Northern Miner 1949: Northern Miner, May 31, 1949.
Miner 1950: Northern Miner, June 25, 1950.
Northern Miner 1968: Northern
Miner, May 21, 1968.
Northern Miner 1986: Northern Miner June 16, 1986,
Northern Miner 1987: Northern Miner, June 5, 1987, p.
Northern Miner 1988: Old gold mine gets new hope; Northern
Miner, October 12, 1988.
Northern Miner 1988: Northern Miner, December
Russell, G.A. 1957: Structural Studies of the Snow Lake-Herb
Lake Area, Herb Lake Mining Division, Manitoba; Manitoba Mines Branch,
Warren, H.V. 1943: The Distribution of Gold in a Sample
from a Prospect in the Herb Lake Area, Manitoba; The Miner, V. 16, No. 1, p.
Whyte, J. 1995: Manitoba cheers New Britannia opening; Northern
Miner, November 27, 1995.
Wright, J.F. 1931: Geology and Mineral Deposits
of a Part of Northwest Manitoba; Geological Survey of Canada, Summary Report
1930, Part C, p.93-95.
Harrison, J.M. 1949: Map 929 A, File Lake; 1:63 360 scale,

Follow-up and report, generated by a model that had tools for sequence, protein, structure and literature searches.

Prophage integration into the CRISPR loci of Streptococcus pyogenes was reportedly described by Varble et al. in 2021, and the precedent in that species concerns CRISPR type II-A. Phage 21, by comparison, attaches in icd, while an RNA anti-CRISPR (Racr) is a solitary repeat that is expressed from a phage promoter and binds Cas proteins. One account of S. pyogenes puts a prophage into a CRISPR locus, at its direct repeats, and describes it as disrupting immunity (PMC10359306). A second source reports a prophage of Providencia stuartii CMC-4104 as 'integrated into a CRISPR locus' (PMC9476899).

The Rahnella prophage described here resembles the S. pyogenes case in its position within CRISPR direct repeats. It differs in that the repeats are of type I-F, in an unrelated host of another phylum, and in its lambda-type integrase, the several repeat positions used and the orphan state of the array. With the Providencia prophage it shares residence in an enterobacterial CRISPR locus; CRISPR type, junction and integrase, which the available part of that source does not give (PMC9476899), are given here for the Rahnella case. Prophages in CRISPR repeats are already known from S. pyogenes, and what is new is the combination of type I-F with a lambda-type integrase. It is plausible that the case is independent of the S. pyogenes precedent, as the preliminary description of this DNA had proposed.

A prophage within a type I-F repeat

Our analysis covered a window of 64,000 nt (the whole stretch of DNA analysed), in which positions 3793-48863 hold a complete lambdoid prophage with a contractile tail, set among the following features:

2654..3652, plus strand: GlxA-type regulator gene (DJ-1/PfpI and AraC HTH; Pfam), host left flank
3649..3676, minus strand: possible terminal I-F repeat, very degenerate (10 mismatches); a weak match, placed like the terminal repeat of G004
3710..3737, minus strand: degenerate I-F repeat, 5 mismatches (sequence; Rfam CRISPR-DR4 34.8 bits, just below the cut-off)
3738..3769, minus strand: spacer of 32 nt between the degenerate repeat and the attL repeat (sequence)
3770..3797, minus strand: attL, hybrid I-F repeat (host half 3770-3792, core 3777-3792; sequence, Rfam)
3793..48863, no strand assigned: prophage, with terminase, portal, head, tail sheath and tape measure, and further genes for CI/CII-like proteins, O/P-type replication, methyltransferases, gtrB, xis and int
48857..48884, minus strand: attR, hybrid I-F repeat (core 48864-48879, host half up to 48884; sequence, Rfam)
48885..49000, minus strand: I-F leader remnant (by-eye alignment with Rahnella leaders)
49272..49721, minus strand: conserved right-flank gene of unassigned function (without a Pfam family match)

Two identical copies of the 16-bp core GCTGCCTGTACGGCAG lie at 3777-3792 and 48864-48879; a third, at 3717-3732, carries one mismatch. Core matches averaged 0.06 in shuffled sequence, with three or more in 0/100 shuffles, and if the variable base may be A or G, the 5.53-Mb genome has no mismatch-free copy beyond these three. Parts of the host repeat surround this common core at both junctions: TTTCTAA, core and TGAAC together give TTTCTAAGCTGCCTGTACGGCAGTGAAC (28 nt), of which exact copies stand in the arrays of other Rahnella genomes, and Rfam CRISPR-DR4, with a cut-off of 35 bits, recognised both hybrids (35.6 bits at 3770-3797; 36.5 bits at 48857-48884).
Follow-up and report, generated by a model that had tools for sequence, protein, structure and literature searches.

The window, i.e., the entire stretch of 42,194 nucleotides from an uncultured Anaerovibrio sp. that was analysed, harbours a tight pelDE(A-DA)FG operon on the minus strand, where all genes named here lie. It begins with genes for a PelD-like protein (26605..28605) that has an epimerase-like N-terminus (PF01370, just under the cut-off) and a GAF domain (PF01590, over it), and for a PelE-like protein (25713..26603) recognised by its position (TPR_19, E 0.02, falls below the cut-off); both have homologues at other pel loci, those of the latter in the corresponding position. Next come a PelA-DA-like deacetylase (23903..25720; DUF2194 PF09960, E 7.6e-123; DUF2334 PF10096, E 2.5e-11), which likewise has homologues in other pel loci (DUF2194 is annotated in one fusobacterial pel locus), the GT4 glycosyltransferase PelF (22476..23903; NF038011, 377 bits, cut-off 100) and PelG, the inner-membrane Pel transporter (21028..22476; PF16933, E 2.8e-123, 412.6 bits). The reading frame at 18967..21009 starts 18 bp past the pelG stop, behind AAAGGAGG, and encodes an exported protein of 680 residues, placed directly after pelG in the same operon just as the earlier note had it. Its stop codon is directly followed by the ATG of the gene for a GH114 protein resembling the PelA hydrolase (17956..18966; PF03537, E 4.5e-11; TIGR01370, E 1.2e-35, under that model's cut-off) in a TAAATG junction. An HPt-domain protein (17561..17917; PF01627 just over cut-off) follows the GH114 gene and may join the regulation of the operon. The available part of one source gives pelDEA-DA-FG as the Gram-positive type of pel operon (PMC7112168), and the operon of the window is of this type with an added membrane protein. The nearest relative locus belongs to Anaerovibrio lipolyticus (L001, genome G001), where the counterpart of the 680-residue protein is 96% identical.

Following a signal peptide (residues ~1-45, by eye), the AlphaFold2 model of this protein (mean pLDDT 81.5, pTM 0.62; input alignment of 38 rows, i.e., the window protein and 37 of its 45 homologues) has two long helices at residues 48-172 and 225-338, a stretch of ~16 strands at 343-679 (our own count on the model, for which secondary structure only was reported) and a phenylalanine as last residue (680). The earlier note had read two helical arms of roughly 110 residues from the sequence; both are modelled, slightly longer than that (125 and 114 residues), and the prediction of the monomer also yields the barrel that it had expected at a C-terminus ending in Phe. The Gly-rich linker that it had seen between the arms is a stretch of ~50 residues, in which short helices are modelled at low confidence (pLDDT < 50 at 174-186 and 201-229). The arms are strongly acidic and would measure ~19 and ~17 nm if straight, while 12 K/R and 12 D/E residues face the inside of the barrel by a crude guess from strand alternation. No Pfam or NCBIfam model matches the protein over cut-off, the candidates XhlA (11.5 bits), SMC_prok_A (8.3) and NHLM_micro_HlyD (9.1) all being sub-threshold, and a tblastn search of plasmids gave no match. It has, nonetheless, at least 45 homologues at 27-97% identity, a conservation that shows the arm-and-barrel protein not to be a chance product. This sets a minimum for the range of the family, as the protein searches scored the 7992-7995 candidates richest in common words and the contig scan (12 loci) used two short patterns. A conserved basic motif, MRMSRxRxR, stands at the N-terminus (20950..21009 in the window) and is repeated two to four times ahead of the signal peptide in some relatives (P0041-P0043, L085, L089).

geological map, accompanying Geological Survey of Canada Memoir
Harrison, J.M. 1949: Map 930 A, Nor-Acme Mine Area;
1:12 000 scale, geological map, accompanying Geological Survey of Canada Memoir
Manitoba Mines Branch and Geological Survey of Canada 1970: Map 8455
G, File Lake; Manitoba Mines Branch and Geological Survey of Canada,
aeromagnetic map, scale 1:63 360.
Mining Recording, Manitoba Mines
Branch: Map 63 K/16NE, Claim Map Series; Mining Recording, Manitoba Mines
Branch, claim map, scale 1:31 6780
Surveys and Mapping Branch 1985: Map
63 K/16, File Lake; Surveys and Mapping Branch, Ottawa, topographic map, scale
This deposit, as of 2002, is 50% owned by High River Gold, and 50%
owned by New Kinross Gold.
RM HRW JR JJJ
11-75 02-82 08-87 08-02